Donna Haraway’s A Cyborg Manifesto proposes new ways for thinking about unity, objectivity, and marginalised personhood, in an idiom which is particularly useful for feminists. In an increasingly technology-dominated world, Haraway’s 1985 essay continues to offer a perspective, an answer to the question ‘what now?’ regarding emancipatory theory, following an occasionally violent dissolution of boundaries that French poststructuralist thought proposed. Haraway’s theory dissolves boundaries, but i Donna Haraway’s A Cyborg Manifesto proposes new ways for thinking about unity, objectivity, and marginalised personhood, in an idiom which is particularly useful for feminists. In an increasingly technology-dominated world, Haraway’s 1985 essay continues to offer a perspective, an answer to the question ‘what now?’ regarding emancipatory theory, following an occasionally violent dissolution of boundaries that French poststructuralist thought proposed. Haraway’s theory dissolves boundaries, but it also proposes new ways of thinking as well as addresses faults in theories which search for some unifying essence which is practically, socially, and scientifically unattainable. Trained as a scientist, Haraway’s perspective on objectivity is crucial to all humanities-focused theorists, and her concern for humanity is likewise essential to scientists. She proposes that if this unity is impossible, one can perhaps consider the opposite: a parade of chimeric monsters sporting mechanical limbs, banding together to defy the myth of universal maternal essence. These cyborgs are at the heart of Haraway’s proposal, for they offer potentiality in the rubble left behind in the violent anxiety of what was perceived as ‘postmodernity.’ Cyborgs are different from the machines of the past; one recalls with amusement Walter Benjamin’s poetic fragment regarding an automaton which appeared to be mechanically miraculous but was actually operated by an organic creature within. These are new machines,in an age wherein an organic element does not always prevail and unpredictable maneuverings of machines cannot be chalked up to the presence of some specter. There was a time where machines were not autonomous, and had always the presence of some man (or ghost) within. ‘Now we are not so sure.’ Monsters are transforming into cyborgs, as they are both beings which ‘define the limits of community in Western imaginations.’ When considering how to form political communities (particularly regarding liberation, which the feminist Haraway is committed to), one must understand what the ‘limit’ of community is. Haraway goes beyond this and suggests that we reconsider community, including the monstrous cyborgs that once signified the limit. Cyborgs, monsters, and labour are bound up with one another - is technology, more specifically perhaps industry, one source of depictions of monsters? In visual culture, this motif reappears: we recall factory workers being likened to zombies or the horrifying Morlocks in H.G. Wells’ Time Machine who co-dwelled subterraneously with clanking, frightening machinery, in constant toil. A Marxist reimagining changes this context which has been applied to ‘monsters.’ In Haraway’s new context, ‘the machine is not an it to be animated, worshipped, and dominated. The machine is us, our processes, an aspect of our embodiment.’ This recontextualisation and definition of the ‘cyborg’ is so important because it is an answer to the frustratingly vague refrain of an underlying universal unity which feminists have searched in vain for. ‘A cyborg body is not innocent; it was not born in a garden, it does not seek unitary identity and so generate antagonistic dualisms.’ Antagonistic dualisms - what a term for those opposing poles which emerge constantly since Hegel’s unleashing of dialectics, a veritable Pandora’s box which upon opening released monsters which theorists have yet to work through. As a scientist, Haraway proposes a feminist way of thinking about objectivity, a task which may have once seemed impossible to her audience of humanities scholars informed by post-structuralist thought. Through readings of The Cyborg Manifesto as well as Haraway’s essay on objectivity, Situated Knowledges, we come to see that there is great potential to be found in creatively re-imagining worlds, humans and boundaries. The cyborg is the monster of the 21st century and thus is categorised as an enemy, the ‘illegitimate offspring of militarism and patriarchal capitalism’. Yet we are reminded that illegitimate offspring are often exceedingly unfaithful to their origins,’ and can imagine that the cyborg could defect from its order, helping us accomplish previously impossible boundary breakdowns, between human and animal, animal and machine, physical and nonphysical. These boundary breakdowns inform rejections which Haraway performs, primarily the rejection of the plot of ‘original unity’ which haunts and perplexes narratives of feminism. This original unity was once thought to be what could unite women under some doctrine of a unifying spiritual mother, but which women were to be united, and how could this be possible due to the varying perspectives? Although Haraway dismisses this doctrine, she graciously acknowledges why and how this idea of unity has proliferated in the critical theory of her era: ‘then came the law of the father and its resolution of the problem of objectivity, solved by always already absent referents, deferred signifieds, split subjects, and the endless play of signifiers. Who wouldn’t grow up warped? Rejecting the impossibility of a split subject forever in agony from some primordial separation, Haraway moves toward a new framework for imagining the subject without this theatrical origin story. The cyborg is ironically without origin; they ‘are not reverent’, they ‘do not remember the cosmos.’ This is ironic because the cyborg, in another idiom, is considered to be the final product of the ‘awful apocalyptic telos of the ‘West’s’ escalating dominations of abstract individuation, an ultimate self untied at last from all dependency.’ If this were reformulated as Haraway proposes, a feminist consciousness could latch onto the idea of a self ‘untied from dependency’ on subjugating systems of power. In order to be rid of the plot of original unity, several dismantlings must occur. First, nature is reconsidered. Feminists could distance themselves from the idea that they are constituted, as a group, by nature. As Derrida puts it, ‘there is no nature, only the effects of nature: denaturalisation or naturalisation.’ The plot of unity is enabled by a conception of nature, and it is kept alive by theories which imply its existence, namely Marxism and psychoanalysis. These ‘depend on the plot of original unity out of which difference must be produced and enlisted in a drama of escalating domination of woman/nature. The cyborg skips the step of original unity, of identification with nature in the Western sense.’ As cyborgs, we can eschew that pesky binding oedipal law of the father, we can bypass the impossible agony of a split subject, and we need not be arbitrarily categorised by nature. Cyborgs do not need to operate under the oppressive matrix enacted following the Fall, they turn unflinchingly to the Garden and burn it down, ridding the modern feminist consciousness of the problems of innocence and the necessity of a heterosexual ‘organic’ family. This is an essential break with previous feminist theory which has ‘proceeded as if the organic, hierarchical dualisms ordering discourse in ‘the West’ since Aristotle still ruled.’ There is thus nothing that makes women ‘essentially woman,’ a problematic statement if one continues to cling to the belief that the only way to achieve unity is through some shared essence. How, then, are we to find unity, and without a shared essence, how are we able to speak each other’s language and form connections? We seek another meaning or practice of ‘unity.’ Coincidentally, ‘Unity’ is a computer programming language developed in 1988 known for working in a non-deterministic way, allowing for programs to run indefinitely without a teleological flow. Perhaps we can consider a feminist ‘unity’ without exclusion or hierarchy, and Haraway suggests this is possible by seeking ‘affinity’ rather than ‘unity,’ and by reconsidering the faculty of vision. The revolutions which technology has enacted make it necessary to fundamentally disassemble old theories. No unity will be possible under exclusively identity-based feminism. There are possibilities - one could potentially craft a ‘poetic or political unity’ that does not rely on a ‘logic of appropriation, incorporation, and taxonomic identification.’ The feminist dream of some universal tongue is fundamentally impossible.‘Am I not reaching out for you in the only language I know?’ Asks the feminist theorist Audre Lorde. ‘If I try to hear you across your differences will that mean you can hear me?’ Maybe words will not suffice, for the dream of a common language is too tempting and misleading, suggesting too strongly totality. ‘We do not need a totality to work well’ -- after all, totality tends to imply an imperialist force. Haraway suggests we could turn to vision, a fruitful suggestion for visual theorists. Vision could be considered a subjugating force, especially by feminist theorists such as Laura Mulvey, inventor of the critical ‘gaze.’ But reclaiming that force could be useful. ‘Vision can be good for avoiding binary oppositions,’ and given its embodied nature, helps privilege a form of unity based not on one-ness but on affinity and appreciation for differing perspectives, literally. Vision can be a good way to think about difference. Vision, like the cyborg, is reclaimed from the territory of a danger, enemy, or weapon, and is tamed and reappropriated into the modern feminist’s arsenal. The next tool for this arsenal, in addition to the cyborg attitude and a privileging of vision, is a new dialectical method informed by irony. When two things are true at once, we need not performing elaborate dialectical manoeuvres to quell their opposition. Irony allows us to freely sit in the discomfort of two opposing truths. ‘At the center of’ Haraway’s ‘ironic faith’ is the ‘image of the cyborg.’ Haraway then offers a crucial solution to the problem of objectivity, long pondered by feminists and humanities thinkers wary of ‘hard science’. She humorously compares attempting to find a usable doctrine of objectivity to ‘climbing a greased pole,’ but she climbs nonetheless, recognising that an outright rejection of ‘objectivity’ robs us of a useful tool for the arsenal, so to speak. After all,‘we could use some enforceable, reliable accounts of things not reducible to power moves and agonistic, high status games of rhetoric or to scientistic, positivist arrogance. Objectivity has had the misfortune of being bound to Western cultural narratives, but how can one imagine a new narrative for objectivity? Haraway offers yet another solution: situated knowledges. Feminist objectivity is about ‘limited location and situated knowledge, not about transcendence and splitting of subject and object.’ Perhaps in contradiction to her fellow radical cultural theorists, Haraway is wary of social constructionism, which she categorises as a particular strain of postmodernism, for it runs the risk of assuming and absorbing tired cultural narratives: We have used a lot of toxic ink and trees processed into paper decrying what they have meant and how it hurts us. The imagined ‘they’ constitute a kind of invisible conspiracy of masculinist scientists and philosophers replete with grants and laboratories, and the imagined ‘we’ are the embodied others, who are not allowed not to have a body, a finite point of view, and so inevitably disqualifying and polluting bias in any discussion of consequence outside our own little circles. There is a danger, Haraway warns, in theorising every knowledge claim as a power move, a theory which is ‘tempting.’ Tempting as it may be, coming to any final equation is dangerous in any terms: whether this equation is decided to be a staunch social constructionism, scientistic purity, or primordial unity - it’s all a ‘deadly fantasy.’ Rather than bemoaning the frustration of dualisms and offering an unattainable or nonsensical solution, Haraway proposes a different way of thinking about things that could have practical applications - she offers reappropriations, reconstitutions, regenerations. Cyborgs have less to do with ‘birth’, as in the birth of some new mode of thought, rather they rely upon ‘regeneration.’ The cyborg is an alternative pathway out of a ‘maze of dualisms, and ‘In our present political circumstances, we could hardly hope for more potent myths for resistance and recoupling.’ In Haraway, we come across a theory which is not destructive but constructive, and privileges useful, imaginative alternatives rather than violent postmodern disillusions: As feminists and theorists, we seek an understanding of ‘how meanings and bodies are made, not in order to deny meaning and bodies, but in order to live in meanings and bodies that have a chance for the future.’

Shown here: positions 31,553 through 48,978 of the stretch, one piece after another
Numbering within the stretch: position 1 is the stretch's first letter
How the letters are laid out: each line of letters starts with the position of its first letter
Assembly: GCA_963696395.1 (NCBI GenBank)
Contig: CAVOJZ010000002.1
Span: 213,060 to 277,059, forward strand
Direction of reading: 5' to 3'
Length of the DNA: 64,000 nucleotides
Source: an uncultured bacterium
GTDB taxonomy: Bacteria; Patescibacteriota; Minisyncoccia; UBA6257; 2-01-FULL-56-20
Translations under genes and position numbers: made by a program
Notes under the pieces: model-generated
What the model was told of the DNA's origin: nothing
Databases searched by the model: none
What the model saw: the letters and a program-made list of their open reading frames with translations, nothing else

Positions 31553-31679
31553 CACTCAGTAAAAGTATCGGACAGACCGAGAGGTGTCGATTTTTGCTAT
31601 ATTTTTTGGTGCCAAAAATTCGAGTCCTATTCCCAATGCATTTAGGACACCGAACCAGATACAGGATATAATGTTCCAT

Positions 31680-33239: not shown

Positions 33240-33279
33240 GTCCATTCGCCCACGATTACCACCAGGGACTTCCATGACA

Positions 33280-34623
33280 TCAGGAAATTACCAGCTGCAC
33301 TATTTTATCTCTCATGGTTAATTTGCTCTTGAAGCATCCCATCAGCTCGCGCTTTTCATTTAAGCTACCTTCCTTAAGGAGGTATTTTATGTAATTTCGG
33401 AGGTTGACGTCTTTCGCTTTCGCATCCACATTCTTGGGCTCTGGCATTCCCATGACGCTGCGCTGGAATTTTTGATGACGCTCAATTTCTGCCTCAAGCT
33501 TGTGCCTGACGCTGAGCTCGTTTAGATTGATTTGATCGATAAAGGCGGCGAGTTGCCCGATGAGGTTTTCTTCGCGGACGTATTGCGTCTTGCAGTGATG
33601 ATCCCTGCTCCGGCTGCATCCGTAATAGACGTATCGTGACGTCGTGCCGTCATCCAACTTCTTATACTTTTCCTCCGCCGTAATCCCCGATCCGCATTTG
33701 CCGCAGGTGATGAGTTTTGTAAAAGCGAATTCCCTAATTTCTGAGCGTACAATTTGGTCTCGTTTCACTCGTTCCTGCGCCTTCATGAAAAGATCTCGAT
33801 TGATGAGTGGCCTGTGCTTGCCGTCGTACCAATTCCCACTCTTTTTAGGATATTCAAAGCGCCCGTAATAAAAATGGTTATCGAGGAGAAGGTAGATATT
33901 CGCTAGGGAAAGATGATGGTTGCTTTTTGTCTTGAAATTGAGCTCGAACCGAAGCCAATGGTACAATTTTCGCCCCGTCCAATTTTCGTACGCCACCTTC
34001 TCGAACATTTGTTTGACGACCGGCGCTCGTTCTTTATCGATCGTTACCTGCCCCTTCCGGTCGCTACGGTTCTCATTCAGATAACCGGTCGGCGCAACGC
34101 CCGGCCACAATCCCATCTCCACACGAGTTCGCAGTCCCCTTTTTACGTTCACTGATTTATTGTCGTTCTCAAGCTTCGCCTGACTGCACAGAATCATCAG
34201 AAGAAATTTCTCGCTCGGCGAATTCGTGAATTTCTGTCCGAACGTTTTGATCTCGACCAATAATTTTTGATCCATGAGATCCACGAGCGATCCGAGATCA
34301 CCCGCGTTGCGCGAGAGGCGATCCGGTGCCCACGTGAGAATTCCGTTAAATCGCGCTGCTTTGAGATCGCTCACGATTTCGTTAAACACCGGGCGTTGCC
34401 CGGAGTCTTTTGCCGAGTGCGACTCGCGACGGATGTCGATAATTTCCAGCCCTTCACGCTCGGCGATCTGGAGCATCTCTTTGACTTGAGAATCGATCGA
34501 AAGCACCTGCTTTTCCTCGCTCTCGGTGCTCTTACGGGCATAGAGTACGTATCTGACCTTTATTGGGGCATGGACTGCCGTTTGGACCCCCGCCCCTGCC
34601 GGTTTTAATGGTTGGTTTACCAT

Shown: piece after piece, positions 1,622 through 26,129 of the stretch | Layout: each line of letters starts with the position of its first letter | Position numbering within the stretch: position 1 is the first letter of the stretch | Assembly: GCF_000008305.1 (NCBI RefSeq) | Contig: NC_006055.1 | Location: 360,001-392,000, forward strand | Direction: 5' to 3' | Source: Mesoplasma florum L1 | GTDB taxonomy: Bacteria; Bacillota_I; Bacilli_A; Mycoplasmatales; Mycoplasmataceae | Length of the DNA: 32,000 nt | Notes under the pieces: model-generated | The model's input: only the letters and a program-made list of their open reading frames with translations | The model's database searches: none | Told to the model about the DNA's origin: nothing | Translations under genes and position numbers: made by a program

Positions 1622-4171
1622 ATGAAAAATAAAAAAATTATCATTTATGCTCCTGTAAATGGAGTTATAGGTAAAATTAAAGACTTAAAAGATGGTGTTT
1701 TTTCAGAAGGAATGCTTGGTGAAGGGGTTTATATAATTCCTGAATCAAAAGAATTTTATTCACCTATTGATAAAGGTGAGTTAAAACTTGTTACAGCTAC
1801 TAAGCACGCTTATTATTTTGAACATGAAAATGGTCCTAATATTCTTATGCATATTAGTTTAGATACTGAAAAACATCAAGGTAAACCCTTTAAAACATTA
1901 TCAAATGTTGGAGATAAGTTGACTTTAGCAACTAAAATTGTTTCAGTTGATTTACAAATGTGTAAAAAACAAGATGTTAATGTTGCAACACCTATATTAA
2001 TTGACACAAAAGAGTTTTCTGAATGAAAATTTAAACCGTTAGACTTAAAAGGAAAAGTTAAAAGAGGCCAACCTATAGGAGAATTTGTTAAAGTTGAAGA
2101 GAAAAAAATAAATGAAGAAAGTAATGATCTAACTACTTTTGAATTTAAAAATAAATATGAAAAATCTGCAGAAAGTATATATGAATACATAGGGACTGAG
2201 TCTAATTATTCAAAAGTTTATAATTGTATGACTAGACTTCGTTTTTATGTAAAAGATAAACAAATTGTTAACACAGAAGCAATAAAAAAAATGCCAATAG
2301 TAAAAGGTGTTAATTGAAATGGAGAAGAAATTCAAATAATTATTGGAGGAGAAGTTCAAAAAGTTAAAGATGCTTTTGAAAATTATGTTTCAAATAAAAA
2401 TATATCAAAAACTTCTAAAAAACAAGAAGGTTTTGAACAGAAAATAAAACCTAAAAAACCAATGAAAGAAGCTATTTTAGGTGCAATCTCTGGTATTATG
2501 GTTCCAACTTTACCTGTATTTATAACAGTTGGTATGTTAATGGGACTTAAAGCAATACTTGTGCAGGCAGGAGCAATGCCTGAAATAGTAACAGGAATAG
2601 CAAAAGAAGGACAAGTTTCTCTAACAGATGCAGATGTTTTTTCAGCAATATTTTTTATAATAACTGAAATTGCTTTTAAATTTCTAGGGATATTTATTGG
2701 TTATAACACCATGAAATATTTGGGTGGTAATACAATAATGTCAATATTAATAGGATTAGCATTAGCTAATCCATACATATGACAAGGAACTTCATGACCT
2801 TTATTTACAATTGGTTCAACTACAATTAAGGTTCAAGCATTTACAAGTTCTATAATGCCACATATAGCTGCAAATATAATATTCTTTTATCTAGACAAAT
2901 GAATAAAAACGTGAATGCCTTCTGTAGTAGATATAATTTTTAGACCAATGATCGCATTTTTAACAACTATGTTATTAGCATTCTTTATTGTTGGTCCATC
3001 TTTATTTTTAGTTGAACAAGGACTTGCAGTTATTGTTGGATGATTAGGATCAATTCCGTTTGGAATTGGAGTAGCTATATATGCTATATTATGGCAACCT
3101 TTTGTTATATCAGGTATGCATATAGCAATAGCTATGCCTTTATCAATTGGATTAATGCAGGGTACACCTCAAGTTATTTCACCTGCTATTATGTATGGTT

10. 5 out of 5